When the implementation continues, the fact that the first DCP was locked ensures that nothing of the static logic moves. Nevertheless, the reconfigurable module's place and route is done as usual, based upon the netlist DCP.

As a side note, if there are XCI IPs that belong to the reconfigurable module, a row like the following is added for each IP, between the two add_files commands above:

read_ip -quiet .../theproject.srcs/sources_1/ip/blkmem/blkmem.xci

This isn't special to Partial Reconfiguration, though — it's done this way in any implementation.

Just before writing the two bitstreams, the Child Implementation verifies that the routed design it has obtained is compatible with the the static logic of the Parent Implementation, in particular regarding place and route.

The Tcl command for this is something like:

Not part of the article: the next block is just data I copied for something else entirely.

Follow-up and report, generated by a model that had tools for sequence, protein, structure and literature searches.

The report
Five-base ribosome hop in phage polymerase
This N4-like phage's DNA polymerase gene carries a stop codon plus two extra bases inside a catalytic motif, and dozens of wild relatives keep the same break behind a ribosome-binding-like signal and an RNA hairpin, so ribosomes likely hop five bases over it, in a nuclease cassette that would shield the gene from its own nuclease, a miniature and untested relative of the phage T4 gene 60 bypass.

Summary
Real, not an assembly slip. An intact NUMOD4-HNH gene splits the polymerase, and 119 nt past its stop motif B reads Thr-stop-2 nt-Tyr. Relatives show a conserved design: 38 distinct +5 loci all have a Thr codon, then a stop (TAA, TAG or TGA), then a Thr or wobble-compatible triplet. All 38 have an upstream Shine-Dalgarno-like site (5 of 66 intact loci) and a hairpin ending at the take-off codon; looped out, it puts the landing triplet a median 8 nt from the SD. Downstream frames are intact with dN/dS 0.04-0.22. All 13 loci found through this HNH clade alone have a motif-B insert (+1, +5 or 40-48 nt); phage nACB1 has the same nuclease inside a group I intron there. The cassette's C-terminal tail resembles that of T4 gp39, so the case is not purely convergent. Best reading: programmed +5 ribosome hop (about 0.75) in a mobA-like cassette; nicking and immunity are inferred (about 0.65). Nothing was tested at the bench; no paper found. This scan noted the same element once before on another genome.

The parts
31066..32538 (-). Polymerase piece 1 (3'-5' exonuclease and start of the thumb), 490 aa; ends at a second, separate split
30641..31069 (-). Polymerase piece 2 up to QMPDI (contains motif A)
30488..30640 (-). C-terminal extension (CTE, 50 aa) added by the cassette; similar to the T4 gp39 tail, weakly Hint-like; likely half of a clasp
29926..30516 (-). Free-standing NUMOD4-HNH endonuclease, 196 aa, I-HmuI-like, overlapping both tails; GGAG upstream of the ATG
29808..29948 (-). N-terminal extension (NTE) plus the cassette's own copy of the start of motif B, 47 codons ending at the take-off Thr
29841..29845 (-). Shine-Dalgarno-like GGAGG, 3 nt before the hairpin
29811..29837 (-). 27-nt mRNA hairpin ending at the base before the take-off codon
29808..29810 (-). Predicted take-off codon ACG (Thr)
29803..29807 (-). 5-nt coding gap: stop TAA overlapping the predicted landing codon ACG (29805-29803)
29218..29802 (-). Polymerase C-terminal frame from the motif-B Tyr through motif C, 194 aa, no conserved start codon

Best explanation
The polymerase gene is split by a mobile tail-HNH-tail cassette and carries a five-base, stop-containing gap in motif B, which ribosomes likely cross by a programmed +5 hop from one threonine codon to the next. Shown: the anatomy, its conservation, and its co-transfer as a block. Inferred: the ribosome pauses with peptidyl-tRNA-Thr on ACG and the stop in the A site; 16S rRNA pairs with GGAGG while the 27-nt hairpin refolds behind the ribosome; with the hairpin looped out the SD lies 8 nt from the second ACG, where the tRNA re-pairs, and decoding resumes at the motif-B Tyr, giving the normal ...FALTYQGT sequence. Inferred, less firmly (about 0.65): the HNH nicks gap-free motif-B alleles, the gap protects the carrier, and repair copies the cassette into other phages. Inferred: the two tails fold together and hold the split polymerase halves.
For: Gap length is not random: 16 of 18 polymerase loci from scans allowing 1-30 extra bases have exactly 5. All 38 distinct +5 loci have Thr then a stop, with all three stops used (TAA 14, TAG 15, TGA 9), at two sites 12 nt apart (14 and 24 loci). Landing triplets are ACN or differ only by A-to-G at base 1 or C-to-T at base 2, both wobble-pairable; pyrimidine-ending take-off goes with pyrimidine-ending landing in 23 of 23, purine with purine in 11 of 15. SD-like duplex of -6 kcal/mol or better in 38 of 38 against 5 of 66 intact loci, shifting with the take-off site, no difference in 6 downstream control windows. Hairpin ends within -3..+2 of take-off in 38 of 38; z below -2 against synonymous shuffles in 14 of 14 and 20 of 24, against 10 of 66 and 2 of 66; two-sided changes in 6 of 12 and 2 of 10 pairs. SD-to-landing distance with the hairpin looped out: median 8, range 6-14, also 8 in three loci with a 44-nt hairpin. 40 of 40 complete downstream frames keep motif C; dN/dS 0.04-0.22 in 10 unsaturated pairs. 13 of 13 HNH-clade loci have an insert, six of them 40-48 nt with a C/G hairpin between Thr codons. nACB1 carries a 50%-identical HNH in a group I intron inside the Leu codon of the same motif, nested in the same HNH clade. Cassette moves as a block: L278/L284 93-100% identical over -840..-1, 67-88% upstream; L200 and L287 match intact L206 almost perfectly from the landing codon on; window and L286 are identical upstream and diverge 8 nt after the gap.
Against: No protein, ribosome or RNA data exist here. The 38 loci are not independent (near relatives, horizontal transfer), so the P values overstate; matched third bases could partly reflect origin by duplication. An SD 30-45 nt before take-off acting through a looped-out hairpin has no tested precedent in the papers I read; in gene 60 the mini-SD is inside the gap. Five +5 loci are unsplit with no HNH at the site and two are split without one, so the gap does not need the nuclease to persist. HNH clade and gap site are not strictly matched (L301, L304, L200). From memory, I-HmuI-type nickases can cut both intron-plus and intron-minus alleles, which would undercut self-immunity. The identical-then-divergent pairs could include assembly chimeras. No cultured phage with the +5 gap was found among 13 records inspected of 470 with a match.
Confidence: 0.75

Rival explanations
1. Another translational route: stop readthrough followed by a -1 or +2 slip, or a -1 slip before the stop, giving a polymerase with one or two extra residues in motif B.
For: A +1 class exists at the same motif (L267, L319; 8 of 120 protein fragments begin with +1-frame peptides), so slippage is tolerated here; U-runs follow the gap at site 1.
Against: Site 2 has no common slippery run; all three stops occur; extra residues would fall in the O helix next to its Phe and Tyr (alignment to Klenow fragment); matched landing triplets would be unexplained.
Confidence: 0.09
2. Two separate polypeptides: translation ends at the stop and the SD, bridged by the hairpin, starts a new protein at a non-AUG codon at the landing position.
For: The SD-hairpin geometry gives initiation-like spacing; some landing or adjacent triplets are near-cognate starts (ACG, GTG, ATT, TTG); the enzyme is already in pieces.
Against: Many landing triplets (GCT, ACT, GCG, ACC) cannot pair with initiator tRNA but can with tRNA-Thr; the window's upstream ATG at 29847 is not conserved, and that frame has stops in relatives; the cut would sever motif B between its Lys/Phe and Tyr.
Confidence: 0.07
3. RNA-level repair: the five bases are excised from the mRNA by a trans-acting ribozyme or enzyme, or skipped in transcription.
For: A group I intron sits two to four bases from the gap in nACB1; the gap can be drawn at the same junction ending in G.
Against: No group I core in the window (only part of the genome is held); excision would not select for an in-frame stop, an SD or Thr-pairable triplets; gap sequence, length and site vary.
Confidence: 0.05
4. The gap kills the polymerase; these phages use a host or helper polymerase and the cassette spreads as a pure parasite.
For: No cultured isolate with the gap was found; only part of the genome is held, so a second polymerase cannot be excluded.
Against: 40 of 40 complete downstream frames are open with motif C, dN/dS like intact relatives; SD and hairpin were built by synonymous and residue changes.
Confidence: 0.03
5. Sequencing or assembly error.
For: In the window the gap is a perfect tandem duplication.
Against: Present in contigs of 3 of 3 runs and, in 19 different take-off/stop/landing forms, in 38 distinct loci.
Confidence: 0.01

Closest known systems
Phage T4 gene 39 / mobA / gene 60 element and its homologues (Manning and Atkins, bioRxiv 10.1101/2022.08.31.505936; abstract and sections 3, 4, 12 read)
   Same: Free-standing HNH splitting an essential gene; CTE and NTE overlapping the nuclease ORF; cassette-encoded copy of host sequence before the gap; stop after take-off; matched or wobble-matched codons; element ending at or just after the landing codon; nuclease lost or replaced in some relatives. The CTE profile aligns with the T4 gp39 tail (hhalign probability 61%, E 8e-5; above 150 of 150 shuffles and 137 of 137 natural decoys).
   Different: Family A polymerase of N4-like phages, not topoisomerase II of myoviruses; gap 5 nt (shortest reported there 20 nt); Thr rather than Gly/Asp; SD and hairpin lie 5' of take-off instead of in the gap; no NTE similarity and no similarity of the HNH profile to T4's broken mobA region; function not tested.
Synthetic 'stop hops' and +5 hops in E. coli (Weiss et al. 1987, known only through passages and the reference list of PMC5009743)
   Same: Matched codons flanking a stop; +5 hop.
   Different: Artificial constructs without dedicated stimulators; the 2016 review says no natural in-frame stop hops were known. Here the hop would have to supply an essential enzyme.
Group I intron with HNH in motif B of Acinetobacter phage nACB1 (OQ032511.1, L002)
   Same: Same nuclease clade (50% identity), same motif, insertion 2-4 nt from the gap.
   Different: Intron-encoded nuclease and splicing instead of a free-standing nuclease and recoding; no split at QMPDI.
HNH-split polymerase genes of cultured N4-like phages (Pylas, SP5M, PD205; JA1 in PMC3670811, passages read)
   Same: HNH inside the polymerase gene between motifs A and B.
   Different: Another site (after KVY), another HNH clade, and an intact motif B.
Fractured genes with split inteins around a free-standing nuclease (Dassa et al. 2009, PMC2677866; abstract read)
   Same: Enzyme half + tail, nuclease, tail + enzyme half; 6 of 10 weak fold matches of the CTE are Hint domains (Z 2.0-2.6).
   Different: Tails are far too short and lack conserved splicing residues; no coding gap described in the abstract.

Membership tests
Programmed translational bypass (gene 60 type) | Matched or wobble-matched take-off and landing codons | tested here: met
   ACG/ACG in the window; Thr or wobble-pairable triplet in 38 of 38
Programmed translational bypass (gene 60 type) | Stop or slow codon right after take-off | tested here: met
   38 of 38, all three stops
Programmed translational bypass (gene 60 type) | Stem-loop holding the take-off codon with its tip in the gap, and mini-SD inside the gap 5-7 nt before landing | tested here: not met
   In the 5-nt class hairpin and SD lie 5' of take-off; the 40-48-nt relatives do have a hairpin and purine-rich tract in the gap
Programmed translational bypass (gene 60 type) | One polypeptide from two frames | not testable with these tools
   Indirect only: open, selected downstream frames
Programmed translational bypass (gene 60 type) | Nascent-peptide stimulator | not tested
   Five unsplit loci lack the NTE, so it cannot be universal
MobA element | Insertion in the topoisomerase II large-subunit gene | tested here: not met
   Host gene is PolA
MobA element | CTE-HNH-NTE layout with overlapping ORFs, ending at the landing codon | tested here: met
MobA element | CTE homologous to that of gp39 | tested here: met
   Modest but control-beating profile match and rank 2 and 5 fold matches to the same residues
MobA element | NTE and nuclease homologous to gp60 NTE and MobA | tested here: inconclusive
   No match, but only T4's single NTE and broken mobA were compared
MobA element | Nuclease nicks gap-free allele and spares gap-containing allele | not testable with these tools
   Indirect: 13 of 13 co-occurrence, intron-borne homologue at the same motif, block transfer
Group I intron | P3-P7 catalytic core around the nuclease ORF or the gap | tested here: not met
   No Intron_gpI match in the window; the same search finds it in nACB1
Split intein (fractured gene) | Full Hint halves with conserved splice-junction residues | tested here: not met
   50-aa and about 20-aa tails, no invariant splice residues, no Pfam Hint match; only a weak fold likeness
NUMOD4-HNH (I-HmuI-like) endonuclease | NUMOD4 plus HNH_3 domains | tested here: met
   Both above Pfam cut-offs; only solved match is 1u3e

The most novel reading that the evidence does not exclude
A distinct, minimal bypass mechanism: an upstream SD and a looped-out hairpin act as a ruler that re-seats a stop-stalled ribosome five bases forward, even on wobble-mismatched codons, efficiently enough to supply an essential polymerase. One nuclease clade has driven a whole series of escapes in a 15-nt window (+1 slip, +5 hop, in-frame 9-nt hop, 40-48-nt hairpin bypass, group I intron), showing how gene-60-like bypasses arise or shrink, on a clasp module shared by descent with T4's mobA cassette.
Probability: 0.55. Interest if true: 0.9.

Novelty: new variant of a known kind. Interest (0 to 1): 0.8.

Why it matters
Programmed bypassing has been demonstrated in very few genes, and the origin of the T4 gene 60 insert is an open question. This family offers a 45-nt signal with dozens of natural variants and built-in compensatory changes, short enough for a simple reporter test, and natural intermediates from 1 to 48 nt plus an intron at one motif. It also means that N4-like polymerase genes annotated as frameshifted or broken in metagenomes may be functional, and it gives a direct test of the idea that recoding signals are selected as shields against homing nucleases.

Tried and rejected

pr_verify -full_check -initial /path/to/impl_1/theproject_postroute_physopt.dcp -additional /path/to/child_1_impl_1/theproject_routed.dcp -file child_1_impl_1_pr_verify.log

Note that this compares two DCP files, regardless of the in-memory project. The Parent Implementation's routed DCP is compared with the final DCP of the Child Implementation. The output of this comparison goes to a file named *_pr_verify.log.

This comparison guarantees that the partial bitstream is compatible in the sense that it can be loaded when the parent's bitstream already is already loaded in the FPGA. It goes through the static partition's logic elements as well as the routing.

pr_verify returns with a failure status if there's an incompatibility. If this happens, the creation of bitstreams in Vivado's script is prevented. It's important to keep this step in mind when writing custom implementation scripts.

There's no reason this verification should ever fail, but if it does, the bitstream generation fails with a lot of errors like "ERROR: [Constraints 18-891] HDPRVerify-08: design check point .../impl_1/theproject_postroute_physopt.dcp places instance ... at site SLICE_X118Y125, yet design check point .../impl_2/theproject_routed.dcp does not. Both check point must have the same static placement result".

These errors messages will probably reach the limit of 100, and then get silenced.

Solution for the Remote Update scenario